- Before 1500 BCE
- 1500 BCE to 500 BCE
- 500 BCE to 500 CE
- Sixth to Tenth Century
- Eleventh to Fourteenth Century
- Fifteenth Century
- Sixteenth Century
- Seventeenth Century
- Eighteenth Century
- Nineteenth Century
- Twentieth Century
- Twenty-first Century
- Geographic Area
- Central America
- Central and North Asia
- East Asia
- North America
- Northern Europe
- South America
- South Asia/South East Asia
- Southern Europe and Mediterranean
- West Asia
- Subject, Genre, Media, Artistic Practice
- African American/African Diaspora
- Ancient Egyptian/Near Eastern Art
- Ancient Greek/Roman Art
- Architectural History/Urbanism/Historic Preservation
- Art Education/Pedagogy/Art Therapy
- Art of the Ancient Americas
- Artistic Practice/Creativity
- Asian American/Asian Diaspora
- Ceramics/Metals/Fiber Arts/Glass
- Colonial and Modern Latin America
- Conceptual Art
- Decorative Arts
- Design History
- Digital Media/New Media/Web-Based Media
- Digital Scholarship/History
- Drawings/Prints/Work on Paper/Artistc Practice
- Fiber Arts and Textiles
- Folk Art/Vernacular Art
- Graphic/Industrial/Object Design
- Indigenous Peoples
- Installation/Environmental Art
- Islamic Art
- Material Culture
- Museum Practice/Museum Studies/Curatorial Studies/Arts Administration
- Native American/First Nations
- Patronage, Art Collecting
- Performance Art/Performance Studies/Public Practice
- Queer/Gay Art
- Sound Art
- Visual Studies
The role of a bodhisattva in Buddhism has often been compared to that of a saint in Catholicism: an intimate and approachable divine figure who would be willing to put their own enlightenment on pause in order to ensure the salvation of all sentient beings. Among all, the bodhisattva Avalokiteśvara (Guanyin in Chinese), known as the Goddess of Compassion in English, has an outsize role in East Asian Buddhism. While she is ubiquitous in Chinese art, the Goddess of Compassion is woefully underrepresented in scholarly works, which focus mainly on imperially sponsored icons and primarily from the perspective of elite male makers, patrons, or worshippers. The issue of gender is crucial to the reading of Guanyin because after the originally masculine Buddhist deity arrived in China, he underwent what Yuhang Li characterizes as a “thousand-year period of feminization and domestication” (194) that definitively transformed Guanyin into a female Chinese deity. While elite male devotees continued to relish the gender ambiguity of the figure, only her female form was recognized and worshipped by laywomen in late imperial China.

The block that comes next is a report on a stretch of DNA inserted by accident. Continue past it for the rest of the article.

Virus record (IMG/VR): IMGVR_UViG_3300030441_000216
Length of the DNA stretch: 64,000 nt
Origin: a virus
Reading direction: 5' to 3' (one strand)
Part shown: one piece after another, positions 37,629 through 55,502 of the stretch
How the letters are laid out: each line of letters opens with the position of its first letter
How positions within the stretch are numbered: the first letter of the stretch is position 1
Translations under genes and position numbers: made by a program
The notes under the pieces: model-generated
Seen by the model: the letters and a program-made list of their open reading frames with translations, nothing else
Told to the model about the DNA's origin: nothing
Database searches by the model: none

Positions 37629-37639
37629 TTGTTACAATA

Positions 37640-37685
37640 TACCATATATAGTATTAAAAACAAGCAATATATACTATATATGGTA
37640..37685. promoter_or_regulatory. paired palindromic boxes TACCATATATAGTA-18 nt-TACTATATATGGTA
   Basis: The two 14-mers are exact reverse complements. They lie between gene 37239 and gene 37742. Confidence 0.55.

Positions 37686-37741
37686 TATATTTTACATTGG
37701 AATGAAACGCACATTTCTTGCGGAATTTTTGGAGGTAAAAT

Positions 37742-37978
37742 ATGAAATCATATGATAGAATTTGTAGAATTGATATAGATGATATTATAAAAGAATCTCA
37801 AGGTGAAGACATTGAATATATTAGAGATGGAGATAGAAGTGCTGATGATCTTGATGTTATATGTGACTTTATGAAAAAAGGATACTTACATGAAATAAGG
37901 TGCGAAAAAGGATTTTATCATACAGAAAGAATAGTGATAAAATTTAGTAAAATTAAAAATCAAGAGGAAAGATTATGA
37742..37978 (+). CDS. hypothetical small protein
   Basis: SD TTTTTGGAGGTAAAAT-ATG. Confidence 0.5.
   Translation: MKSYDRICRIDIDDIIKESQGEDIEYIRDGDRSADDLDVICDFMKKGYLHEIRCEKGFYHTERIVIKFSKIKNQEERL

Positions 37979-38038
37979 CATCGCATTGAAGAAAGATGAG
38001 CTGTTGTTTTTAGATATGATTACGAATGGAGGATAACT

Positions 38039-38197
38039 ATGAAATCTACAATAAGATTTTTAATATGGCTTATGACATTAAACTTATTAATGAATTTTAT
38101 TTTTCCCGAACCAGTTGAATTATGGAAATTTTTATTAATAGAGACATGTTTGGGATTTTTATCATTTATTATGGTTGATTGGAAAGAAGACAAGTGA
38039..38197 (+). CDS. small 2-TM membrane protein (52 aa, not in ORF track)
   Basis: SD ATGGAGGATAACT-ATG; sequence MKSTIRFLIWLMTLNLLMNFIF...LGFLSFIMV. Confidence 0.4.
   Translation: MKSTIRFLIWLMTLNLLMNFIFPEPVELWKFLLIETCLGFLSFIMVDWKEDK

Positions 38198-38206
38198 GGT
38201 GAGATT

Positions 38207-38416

Li’s book Becoming Guanyin: Artistic Devotion of Buddhist Women in Late Imperial China is the sole full-length study examining the images of female Guanyin from the perspective of Chinese laywomen from roughly the mid-fourteenth to the early twentieth centuries, or the Ming (1368–1644) and Qing (1644–1911) dynasties. By exploring “the relationship between worshipper and worshipped in practice” (194) and examining a wide range of materials, Li argues that these women were able to establish a connection with or “becom[e]” Guanyin through “devotional mimesis” (22) as expressed through dancing, drawing, painting, embroidery, bodily adornment, and self-mortification. In the four main chapters of the book, she delicately probes individualized and often personal experiences seen through a variety of historical and art historical objects, from texts to paintings, archaeological remains, and devotional textiles.